The popular kid toy Etch-A-Sketch was good for a few scribbles or maybe if you were talented enough a word or two. But get the toy in the hands of Jane Labowitch and she’ll create a masterpiece. The self-proclaimed Princess Etch-A-Sketch can knock out someone’s likeness in mere minutes on a pocket-size tablet. But some of her more intricate works like the Taj Mahal have taken 10 hours on the classic Etch-A-Sketch. "I love the limitations of Etch-A-Sketch," she said. "No other artistic medium is constricted by using only one connected line." Labowitch promises she’s not a robot and that she makes mistakes, too. If the error is small, she’ll incorporate it into the picture. If it’s too big, she’ll have to shake and erase just like the rest of us.
Sculptor Linda Christensen is a fan favorite at the Minnesota State Fair for her iconic butter busts. These incredibly life-like sculptures are created each year for the Midwest Dairy Association’s dairy princess and court. Most pageant winners celebrate with a crown and flowers, but these women get to have their likeness preserved in 90-pound blocks of butter. To keep the butter from melting in the summer heat, the blocks are chilled. Fairgoers can see the carving in action and ask Christensen questions via a 40-degree rotating cooler.
Every May students from the Savannah College of Art and Design come out to Tybee Island beach in Georgia for the SCAD Sand Arts Festival. These aren’t just dinky castles. They’re giant, full-scale sculptures with intricate detail and designs. Full disclosure: This writer is a graduate of SCAD, but as a writing student I only participated as a spectator in total awe of the sand creations. And the spectators do come. The festival is one of Tybee Island’s biggest events. "It’s a sun-soaked swath of sculptural marvels," said SCAD President and Founder Paula Wallace. "Who doesn’t love an art gallery with an ocean view?"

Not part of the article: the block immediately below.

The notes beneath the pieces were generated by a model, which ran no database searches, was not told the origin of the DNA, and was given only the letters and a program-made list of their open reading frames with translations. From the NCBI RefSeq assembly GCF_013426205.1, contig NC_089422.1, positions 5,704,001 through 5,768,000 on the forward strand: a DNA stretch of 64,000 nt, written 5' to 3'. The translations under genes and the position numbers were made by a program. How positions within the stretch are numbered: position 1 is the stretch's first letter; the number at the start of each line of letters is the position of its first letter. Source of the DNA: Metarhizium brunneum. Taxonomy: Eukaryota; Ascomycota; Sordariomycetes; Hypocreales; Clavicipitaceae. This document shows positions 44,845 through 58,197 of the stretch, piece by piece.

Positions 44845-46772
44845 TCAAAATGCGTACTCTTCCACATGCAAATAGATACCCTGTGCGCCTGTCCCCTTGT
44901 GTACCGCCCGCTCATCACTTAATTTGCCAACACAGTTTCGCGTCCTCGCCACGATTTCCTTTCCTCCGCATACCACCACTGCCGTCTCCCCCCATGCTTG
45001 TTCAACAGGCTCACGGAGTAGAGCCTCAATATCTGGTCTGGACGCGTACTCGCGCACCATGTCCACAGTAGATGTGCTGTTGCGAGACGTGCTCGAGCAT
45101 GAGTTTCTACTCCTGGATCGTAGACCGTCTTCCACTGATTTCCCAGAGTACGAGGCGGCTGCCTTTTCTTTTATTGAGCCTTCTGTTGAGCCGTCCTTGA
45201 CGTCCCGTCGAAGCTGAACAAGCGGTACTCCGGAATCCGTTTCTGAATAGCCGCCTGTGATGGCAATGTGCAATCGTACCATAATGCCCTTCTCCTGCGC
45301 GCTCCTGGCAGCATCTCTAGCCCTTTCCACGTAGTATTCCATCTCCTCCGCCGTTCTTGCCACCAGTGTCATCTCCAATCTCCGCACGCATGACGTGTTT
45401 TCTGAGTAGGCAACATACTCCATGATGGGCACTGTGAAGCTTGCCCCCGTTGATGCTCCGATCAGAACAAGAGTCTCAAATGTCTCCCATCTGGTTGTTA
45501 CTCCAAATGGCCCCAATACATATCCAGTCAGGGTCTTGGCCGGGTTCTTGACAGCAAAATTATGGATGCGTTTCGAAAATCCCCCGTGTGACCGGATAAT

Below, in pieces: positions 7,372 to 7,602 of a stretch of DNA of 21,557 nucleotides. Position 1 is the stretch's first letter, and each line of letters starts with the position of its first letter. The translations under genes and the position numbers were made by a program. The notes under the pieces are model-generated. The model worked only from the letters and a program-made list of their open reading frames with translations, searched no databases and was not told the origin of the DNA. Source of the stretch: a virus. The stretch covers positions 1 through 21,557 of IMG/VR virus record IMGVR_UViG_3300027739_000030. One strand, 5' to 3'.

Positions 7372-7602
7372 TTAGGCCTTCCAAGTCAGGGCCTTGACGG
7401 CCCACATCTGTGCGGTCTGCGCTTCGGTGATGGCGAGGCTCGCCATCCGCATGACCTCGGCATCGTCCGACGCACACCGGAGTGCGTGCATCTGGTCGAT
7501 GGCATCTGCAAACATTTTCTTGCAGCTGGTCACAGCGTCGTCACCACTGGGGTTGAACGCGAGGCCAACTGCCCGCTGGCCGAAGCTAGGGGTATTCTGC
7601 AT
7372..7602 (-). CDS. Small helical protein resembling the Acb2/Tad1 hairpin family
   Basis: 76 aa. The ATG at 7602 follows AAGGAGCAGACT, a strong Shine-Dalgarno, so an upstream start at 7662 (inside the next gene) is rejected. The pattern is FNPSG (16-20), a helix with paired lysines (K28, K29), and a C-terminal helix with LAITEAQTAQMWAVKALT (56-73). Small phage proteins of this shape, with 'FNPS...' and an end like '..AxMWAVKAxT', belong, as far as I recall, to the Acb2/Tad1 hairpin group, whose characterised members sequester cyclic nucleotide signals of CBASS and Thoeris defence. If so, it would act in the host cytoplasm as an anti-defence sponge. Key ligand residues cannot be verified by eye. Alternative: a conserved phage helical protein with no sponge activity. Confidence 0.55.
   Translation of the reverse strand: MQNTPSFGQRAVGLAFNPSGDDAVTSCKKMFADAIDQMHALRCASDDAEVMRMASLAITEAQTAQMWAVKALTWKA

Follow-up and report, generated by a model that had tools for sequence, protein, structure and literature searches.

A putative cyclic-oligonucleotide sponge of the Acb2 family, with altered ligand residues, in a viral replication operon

Playing an instrument takes talent but building and rebuilding your instrument every day is impressive. Austria’s Vegetable Orchestra makes all of their instruments out of fresh produce. While on tour, orchestra members shop for vegetables and rebuild instruments every day to produce the same sounds for their songs. Instruments include carrot flutes, pumpkin drums, celery guitar, leek violin and pepper horns. Drills are used to hollow out vegetables and create chambers and holes in instruments. The orchestra describes their music as "strange, unfamiliar sounds whose organic origin is not always immediately recognizable."
If you didn’t know, there’s a professional world of bubble blowing and it’s pretty competitive. But no one comes close to bubble show Be Fantasy's Su Chang Tai. He holds several Guinness World Records for bubbles including the longest hanging bubble chain (30), the most soap dome bubbles inside each other (15) and the most soap bubbles blown inside a large bubble (779). Tai says bubbles aren’t just for kids. "I want to change people’s image of the bubble with my bubble performances."
This is not the balloon art of your childhood. Jihan Zencirli of Geronimo Balloons isn’t about clowns making weiner dogs. The LA experimental artist creates chic clusters of balloons in various sizes and saturated colors. These giant installations brighten a space or building exterior with arches, awnings or even just a happy molecular cloud.